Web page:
Just imagine if Pixar was an arthouse studio. Woody and Buzz doing a Gerry by desert-walking while chatting existentialism. Nemo-mento, stuck in his tank suffering three-second memory wipes. And now WALL•E, a boggle-eyed robot crushed by loneliness. Ninety minutes of soul-searching later he’s found his own off-switch and powered down. Metallic suicide. What a film.
Or maybe we made that ending up. This is Pixar after all, a company so expert in creating family friendly-fare that when they had their iffy Cars moment they rebounded spectacularly with adorable rodent romp Ratatouille. All was in order – and round the bend was oh-so-cute WALL•E. Everybody wanted a replica bin months before they’d seen the film and when 10 minutes were sneak-peeked at Total Film’s Red Carpet Preview Event in March there was barely a dry eye in the house.
Not only brave – early footage concentrated on the litter-clunker alone, sometimes with advanced mechanoid EVE, never near anyone who could actually talk – Pixar’s 2008 effort looked stunning, beautiful, epic... And for the first 40 minutes WALL•E is everything you’d hoped for.
Our Waste Allocation Load Lifter Earth-Class hero has spent the best part of a millennium sorting out the rubbish left behind by humans when they abandoned our decrepit planet. Everyday he scoops, compresses and releases neat trash squares before shutting down for the night, rising grumpily to fulfil his 9-5.
The early exchanges star just WALL•E, a cockroach and the first dystopian backdrop the Pixar designers have sunk their digi-pens into.
It’s a vivid setting perfect for the inquisitive cleaner as he discovers bras, Rubik’s cubes and Michael Crawford, his various bleeps evoking non-human emoting unlike anything since ET. Then he meets probe droid EVE. Their love blossoms as WALL•E demonstrates the wonder of a whisk, shows her musicals on VHS and then – once she shuts down, having found her objective – stays by her side, sheltering her from the rain and keeping her company with a one-sided game of Pong. It’s like what people do when their loved ones fall into comas. It’s incredibly affecting.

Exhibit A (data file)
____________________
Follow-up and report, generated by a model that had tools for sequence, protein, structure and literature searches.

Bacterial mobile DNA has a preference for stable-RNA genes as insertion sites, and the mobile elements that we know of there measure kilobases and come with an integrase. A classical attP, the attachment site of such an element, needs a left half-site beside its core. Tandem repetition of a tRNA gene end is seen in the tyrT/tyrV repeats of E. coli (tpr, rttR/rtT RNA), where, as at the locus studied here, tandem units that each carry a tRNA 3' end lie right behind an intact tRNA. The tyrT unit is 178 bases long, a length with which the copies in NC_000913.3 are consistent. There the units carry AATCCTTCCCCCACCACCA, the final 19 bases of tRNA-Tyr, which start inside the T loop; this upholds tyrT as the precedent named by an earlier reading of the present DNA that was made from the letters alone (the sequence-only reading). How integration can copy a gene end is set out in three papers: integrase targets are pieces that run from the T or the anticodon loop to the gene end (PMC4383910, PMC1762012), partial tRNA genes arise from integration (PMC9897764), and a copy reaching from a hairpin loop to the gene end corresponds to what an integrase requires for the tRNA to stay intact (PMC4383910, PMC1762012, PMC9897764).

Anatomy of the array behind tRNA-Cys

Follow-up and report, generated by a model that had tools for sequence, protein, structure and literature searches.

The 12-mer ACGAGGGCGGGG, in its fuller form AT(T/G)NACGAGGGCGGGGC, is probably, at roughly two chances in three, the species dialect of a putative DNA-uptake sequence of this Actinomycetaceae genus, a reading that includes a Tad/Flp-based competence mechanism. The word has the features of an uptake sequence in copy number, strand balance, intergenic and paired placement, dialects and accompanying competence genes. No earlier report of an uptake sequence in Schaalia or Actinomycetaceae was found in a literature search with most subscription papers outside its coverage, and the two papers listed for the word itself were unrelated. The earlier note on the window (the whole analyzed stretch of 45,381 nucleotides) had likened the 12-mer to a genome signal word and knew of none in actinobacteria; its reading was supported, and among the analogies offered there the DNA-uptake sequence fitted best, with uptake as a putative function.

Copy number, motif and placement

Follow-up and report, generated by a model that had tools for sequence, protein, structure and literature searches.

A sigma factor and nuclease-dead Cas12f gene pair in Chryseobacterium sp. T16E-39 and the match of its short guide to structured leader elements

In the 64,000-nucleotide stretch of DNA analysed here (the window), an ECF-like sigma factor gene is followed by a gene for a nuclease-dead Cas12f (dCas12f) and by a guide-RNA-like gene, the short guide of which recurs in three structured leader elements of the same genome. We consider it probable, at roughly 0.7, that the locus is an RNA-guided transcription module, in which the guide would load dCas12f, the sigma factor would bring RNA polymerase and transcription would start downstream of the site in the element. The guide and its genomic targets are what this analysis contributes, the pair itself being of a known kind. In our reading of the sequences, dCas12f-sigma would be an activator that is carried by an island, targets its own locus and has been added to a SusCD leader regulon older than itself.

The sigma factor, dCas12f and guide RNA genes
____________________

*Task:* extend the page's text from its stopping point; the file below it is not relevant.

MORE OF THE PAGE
But with kids no doubt scratching around their popcorn buckets hoping for Action! Light! Dialogue! the spell is broken. It’s not necessary (from an adult POV at least) but Pixar must be thinking of their ADD audience by shifting the action wholesale from sparse earth to the thriving spaceport where EVE is from and WALL•E follows. The focus widens as dozens more robots enter the fray alongside thousands of fat, short-legged humans. The gist is that our descendents reverse-evolved to blobs after their every need was satiated by machines. It’s the death of the human race. Like Skynet, but without the violence.
The message – as with the film’s overriding eco-warning – is well-observed and well-meant, but quite what kids, the ones served by the overwhelming increase of characters and action, will make of it is uncertain. This was a unique animation. But for half an hour at least it’s just the latest brilliantly drawn cartoon. Yet such gripes are mean-spirited for a film saturated with ideas, originality and passion. WALL•E may look like the bastard offspring of Johnny 5 and, er, Johnny 5, but he delights with every move. It’s in the details. From his solar panel making the Mac switch-on ‘Boing!’ sound when charged, to his wounded-pride droopy eyes when EVE calls him “Wally!”, he’s one genius Pixar creation destined to be many a child’s plaything and, yes, many an adult’s wastebin.
So where does WALL•E rank in the studio’s heralded history? Put it this way: for 40 minutes, it’s pretty much the greatest film they’ve made. Woody, Nemo, Mr Incredible, Remy? They’ve got nothing on WALL•E flying through space with a fire extinguisher. But the bloated mid-section, where catering to kids takes precedence over silent film-style beauty, is just good, not great. Would a feature-length WALL•E and EVE holding hands on Earth story work? Lord knows. But it would have been fantastic to find out. Pixar arthouse. It was so almost so.